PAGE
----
Saihan Naadaarai! Happy Naadam!
Today (July 11) is the first of the annual three-day long celebration of Naadam. It is a sporting and cultural event that dates back to the 13th Century, a time when the three ‘manly sports’ of horse racing, wrestling, and archery were vital to Mongolia’s global dominance.
Although the national Naadam celebrations started today, county-wide and province-wide competitions and festivals have been occurring around the country since the beginning of July.
Having already attended the Naadam celebrations in Ulaanbaatar back in 2007, I was curious to see how it was celebrated on a more intimate scale.
Last week, I traveled to Uutgaal, a small county seat just 150 km from Ulaanbaatar, with fellow documentarians Nina and Taylor of the Vanishing Cultures Project and Mark of Open Road Movies. We spent two days watching horse races, wrestling matches, archery and the newly added game of Shagai (ankle bones). As the only foreigners and journalists at this Naadam, we were granted excellent access to the roughly 400 participants, organizers, and spectators.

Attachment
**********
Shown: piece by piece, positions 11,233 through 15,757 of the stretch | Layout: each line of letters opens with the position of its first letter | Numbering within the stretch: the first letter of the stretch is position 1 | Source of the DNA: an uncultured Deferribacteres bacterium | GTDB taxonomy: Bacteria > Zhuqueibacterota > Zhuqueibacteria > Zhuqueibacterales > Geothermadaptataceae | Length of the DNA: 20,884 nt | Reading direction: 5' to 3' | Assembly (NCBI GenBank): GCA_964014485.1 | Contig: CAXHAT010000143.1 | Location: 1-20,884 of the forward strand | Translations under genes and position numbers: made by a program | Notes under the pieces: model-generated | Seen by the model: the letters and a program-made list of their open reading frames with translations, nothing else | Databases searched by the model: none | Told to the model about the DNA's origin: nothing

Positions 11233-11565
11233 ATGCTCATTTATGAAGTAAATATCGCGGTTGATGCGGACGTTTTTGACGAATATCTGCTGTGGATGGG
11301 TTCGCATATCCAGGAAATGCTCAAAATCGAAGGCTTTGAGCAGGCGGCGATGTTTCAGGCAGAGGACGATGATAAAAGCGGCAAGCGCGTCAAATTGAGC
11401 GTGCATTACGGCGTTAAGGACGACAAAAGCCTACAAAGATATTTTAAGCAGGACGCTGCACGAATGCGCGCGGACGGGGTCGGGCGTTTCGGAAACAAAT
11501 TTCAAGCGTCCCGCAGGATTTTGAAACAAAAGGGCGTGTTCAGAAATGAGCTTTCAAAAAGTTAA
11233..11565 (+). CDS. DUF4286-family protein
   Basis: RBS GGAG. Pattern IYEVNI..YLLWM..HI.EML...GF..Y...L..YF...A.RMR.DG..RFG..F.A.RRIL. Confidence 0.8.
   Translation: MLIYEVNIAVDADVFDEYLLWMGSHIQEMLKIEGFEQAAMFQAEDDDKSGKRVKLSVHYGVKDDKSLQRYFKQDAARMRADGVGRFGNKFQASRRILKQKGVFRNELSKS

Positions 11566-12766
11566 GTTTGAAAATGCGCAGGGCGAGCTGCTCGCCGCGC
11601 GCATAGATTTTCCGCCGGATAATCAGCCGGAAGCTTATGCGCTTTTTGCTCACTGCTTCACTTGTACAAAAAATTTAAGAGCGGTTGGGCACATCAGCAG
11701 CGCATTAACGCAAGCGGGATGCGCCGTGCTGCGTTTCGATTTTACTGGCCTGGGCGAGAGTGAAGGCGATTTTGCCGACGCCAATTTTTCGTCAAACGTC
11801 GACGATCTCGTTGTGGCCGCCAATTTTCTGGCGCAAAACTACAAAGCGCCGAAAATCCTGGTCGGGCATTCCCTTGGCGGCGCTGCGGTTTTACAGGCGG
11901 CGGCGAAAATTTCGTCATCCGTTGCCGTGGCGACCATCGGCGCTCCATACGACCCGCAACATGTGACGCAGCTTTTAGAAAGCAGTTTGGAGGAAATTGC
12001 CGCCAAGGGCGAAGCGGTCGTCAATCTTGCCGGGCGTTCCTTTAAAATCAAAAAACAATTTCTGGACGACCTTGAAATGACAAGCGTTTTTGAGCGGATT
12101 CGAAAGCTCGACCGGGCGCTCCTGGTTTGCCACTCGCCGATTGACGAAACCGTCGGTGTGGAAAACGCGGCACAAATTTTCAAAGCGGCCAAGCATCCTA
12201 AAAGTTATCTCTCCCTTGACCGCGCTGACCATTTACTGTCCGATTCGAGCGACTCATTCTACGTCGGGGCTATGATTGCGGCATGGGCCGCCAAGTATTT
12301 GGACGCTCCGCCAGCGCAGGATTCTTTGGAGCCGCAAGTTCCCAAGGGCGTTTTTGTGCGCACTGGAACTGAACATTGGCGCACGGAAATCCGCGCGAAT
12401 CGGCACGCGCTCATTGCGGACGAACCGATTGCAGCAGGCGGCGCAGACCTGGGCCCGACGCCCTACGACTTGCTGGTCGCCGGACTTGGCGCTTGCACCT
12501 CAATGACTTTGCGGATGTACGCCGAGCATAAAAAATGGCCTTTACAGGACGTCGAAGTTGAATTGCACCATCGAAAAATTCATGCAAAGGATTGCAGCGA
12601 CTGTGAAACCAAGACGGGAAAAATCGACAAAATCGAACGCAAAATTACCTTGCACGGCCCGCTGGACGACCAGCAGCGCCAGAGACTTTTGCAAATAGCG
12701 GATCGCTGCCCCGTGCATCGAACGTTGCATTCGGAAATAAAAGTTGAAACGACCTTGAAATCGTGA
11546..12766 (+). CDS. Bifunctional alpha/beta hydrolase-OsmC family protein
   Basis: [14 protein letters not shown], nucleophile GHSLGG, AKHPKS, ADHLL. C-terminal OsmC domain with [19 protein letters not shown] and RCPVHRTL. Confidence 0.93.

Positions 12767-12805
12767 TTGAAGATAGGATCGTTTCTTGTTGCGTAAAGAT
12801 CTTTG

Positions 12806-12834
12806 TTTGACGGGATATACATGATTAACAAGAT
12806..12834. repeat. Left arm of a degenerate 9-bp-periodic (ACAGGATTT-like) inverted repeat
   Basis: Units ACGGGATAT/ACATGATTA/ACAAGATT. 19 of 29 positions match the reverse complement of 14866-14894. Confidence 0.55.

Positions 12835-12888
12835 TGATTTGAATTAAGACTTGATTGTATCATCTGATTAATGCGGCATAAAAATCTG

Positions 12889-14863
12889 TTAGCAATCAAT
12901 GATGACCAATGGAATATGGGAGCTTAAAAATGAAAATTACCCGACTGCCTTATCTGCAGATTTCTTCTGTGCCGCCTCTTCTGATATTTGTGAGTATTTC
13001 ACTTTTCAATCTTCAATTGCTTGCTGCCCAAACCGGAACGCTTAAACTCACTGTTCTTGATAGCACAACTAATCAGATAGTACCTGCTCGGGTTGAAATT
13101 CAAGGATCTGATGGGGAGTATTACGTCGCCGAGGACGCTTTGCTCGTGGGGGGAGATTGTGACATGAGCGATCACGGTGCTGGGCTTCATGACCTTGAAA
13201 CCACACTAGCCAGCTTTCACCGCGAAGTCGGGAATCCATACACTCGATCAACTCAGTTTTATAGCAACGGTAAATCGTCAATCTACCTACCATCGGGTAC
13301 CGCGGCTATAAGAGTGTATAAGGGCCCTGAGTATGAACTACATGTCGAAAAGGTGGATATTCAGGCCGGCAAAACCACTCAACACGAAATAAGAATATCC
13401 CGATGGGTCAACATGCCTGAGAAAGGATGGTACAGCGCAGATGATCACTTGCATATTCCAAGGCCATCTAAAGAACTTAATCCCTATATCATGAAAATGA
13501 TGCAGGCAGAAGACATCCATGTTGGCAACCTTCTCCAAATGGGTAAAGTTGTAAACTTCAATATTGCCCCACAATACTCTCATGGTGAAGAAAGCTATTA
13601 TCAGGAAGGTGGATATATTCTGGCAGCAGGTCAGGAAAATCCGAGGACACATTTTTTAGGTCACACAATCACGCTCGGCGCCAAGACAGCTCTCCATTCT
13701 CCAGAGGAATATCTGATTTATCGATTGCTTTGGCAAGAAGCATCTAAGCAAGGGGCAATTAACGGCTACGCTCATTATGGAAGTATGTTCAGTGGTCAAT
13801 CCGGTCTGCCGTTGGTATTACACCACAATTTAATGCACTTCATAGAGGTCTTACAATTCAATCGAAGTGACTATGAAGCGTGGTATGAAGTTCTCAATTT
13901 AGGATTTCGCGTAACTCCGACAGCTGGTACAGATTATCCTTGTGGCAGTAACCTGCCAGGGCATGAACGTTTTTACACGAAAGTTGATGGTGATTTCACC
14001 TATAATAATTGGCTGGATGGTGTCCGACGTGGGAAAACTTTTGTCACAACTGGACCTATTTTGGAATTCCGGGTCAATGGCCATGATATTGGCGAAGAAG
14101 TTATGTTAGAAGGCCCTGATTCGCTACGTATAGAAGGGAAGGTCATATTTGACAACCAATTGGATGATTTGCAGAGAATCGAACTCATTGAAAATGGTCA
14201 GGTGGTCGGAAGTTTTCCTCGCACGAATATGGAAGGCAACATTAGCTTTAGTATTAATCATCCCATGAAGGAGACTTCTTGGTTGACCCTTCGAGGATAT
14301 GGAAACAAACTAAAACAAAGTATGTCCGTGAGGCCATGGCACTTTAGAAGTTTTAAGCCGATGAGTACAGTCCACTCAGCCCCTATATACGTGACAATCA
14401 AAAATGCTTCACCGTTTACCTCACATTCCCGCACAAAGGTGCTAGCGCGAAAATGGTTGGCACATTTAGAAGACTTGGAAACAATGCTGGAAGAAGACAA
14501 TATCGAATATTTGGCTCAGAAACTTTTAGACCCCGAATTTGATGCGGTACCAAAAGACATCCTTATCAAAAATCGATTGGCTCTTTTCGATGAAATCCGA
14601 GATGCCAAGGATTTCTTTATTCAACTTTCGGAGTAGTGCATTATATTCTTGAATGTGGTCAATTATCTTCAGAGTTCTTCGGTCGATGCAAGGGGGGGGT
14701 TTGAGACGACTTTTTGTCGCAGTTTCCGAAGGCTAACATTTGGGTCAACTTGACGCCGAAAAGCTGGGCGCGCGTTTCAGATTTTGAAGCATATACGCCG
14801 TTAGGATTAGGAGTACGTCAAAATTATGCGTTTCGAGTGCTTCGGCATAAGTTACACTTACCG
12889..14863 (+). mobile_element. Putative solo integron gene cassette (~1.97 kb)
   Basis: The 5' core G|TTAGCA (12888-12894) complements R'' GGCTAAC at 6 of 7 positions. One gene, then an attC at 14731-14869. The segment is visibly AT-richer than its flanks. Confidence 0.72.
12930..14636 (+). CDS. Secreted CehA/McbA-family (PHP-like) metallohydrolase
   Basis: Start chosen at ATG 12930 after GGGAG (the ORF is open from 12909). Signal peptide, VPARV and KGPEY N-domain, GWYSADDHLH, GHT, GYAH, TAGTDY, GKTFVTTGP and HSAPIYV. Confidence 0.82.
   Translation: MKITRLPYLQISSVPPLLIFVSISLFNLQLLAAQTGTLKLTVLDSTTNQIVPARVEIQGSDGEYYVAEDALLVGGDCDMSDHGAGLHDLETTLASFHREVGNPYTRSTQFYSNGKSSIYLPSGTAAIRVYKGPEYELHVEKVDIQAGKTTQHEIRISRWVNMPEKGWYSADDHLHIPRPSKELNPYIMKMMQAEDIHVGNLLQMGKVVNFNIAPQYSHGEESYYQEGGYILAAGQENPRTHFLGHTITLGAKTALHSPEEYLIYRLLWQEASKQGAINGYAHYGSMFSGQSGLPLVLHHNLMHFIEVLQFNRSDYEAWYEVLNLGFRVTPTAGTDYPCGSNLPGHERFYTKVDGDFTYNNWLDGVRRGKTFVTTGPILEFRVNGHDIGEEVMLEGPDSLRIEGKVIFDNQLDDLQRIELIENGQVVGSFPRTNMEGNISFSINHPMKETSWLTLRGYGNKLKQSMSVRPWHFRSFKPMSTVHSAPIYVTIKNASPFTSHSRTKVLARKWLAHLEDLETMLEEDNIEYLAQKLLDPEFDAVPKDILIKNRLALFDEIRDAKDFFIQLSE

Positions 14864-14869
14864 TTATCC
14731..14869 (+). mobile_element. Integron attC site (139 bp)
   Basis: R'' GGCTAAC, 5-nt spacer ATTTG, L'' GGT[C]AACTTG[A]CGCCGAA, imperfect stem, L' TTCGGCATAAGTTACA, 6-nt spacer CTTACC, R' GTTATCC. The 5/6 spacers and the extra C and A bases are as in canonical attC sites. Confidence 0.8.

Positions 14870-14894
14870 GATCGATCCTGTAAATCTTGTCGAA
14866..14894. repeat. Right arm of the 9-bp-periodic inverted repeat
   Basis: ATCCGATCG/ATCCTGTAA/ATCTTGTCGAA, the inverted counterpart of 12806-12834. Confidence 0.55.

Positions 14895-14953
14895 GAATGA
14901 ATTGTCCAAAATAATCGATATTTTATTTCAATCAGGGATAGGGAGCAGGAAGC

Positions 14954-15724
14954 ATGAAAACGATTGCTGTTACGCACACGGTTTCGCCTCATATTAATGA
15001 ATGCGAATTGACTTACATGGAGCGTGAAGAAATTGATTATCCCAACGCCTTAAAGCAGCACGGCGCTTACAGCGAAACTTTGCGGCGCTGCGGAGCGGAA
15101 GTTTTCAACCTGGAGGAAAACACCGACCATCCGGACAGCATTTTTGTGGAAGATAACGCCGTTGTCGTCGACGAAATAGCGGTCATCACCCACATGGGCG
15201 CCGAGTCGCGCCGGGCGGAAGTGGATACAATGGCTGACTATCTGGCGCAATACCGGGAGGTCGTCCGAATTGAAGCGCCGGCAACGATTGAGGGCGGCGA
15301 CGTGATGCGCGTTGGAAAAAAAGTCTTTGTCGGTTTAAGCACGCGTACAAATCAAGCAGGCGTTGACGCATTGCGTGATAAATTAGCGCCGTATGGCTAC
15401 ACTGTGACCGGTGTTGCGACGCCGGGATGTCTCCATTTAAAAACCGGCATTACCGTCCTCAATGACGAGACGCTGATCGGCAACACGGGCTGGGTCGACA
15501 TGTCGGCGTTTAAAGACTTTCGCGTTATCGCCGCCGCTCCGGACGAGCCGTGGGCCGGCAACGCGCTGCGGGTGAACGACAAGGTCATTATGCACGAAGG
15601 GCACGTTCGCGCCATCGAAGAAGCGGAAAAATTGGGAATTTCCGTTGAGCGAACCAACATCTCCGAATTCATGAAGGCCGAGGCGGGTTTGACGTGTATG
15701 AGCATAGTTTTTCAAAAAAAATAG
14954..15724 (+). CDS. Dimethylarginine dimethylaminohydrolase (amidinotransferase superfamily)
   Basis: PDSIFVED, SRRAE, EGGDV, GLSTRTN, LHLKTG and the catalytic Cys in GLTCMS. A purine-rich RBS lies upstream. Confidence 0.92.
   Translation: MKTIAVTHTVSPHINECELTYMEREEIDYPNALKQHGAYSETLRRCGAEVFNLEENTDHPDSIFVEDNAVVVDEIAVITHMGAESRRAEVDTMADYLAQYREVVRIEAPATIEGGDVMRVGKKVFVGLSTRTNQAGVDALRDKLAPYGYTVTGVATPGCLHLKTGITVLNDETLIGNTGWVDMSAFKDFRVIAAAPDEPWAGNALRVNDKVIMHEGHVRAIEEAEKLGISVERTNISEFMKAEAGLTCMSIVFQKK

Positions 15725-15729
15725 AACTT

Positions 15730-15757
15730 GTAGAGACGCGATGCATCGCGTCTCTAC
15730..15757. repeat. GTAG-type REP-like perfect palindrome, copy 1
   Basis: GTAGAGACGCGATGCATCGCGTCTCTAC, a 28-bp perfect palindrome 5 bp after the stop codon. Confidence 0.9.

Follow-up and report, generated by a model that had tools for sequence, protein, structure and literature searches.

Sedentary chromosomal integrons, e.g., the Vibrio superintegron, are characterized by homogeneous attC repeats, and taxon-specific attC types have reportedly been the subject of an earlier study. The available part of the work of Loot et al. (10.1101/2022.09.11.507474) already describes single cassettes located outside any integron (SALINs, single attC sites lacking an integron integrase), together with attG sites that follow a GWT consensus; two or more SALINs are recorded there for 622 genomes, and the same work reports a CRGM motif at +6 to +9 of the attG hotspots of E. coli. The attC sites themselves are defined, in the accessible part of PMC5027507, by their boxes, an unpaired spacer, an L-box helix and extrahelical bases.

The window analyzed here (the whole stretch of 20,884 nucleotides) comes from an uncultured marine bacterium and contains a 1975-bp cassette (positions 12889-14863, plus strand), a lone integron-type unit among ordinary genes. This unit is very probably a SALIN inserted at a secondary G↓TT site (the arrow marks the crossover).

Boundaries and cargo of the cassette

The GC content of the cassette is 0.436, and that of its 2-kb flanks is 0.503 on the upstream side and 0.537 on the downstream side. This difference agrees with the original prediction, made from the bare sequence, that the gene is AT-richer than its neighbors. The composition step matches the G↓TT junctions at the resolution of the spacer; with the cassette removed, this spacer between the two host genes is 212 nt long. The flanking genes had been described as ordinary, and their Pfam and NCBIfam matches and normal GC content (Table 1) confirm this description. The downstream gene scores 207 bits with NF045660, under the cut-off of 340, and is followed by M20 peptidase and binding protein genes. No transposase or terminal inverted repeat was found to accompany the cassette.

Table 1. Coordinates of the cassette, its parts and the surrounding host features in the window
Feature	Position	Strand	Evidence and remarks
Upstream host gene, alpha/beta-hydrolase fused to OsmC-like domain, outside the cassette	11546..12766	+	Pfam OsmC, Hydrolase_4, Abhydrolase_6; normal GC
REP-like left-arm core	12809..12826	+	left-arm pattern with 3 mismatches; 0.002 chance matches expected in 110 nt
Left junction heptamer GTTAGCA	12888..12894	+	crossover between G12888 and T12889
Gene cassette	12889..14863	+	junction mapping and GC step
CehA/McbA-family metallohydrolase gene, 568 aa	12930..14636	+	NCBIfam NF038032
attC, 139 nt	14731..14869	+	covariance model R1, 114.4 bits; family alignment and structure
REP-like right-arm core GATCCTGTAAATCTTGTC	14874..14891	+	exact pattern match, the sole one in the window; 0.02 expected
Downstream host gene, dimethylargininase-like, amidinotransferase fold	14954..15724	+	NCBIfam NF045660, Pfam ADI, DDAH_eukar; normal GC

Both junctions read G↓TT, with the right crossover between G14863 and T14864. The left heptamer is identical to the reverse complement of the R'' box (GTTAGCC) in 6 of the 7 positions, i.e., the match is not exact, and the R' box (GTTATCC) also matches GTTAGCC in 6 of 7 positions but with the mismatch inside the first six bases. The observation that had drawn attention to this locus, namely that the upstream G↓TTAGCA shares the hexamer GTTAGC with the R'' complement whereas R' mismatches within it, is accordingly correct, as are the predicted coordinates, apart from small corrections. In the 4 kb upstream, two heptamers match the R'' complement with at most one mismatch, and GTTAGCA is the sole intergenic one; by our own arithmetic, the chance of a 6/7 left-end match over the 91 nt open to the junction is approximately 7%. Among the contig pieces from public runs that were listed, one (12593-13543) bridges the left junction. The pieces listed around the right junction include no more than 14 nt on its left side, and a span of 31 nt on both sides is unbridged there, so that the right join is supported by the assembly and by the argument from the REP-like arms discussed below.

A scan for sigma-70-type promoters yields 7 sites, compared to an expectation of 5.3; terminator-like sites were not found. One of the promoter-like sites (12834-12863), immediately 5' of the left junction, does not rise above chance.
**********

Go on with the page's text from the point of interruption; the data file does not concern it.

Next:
Here are the first two in a series of four videos highlighting each of the four main events.
These videos were produced in partnership with the Vanishing Cultures Project.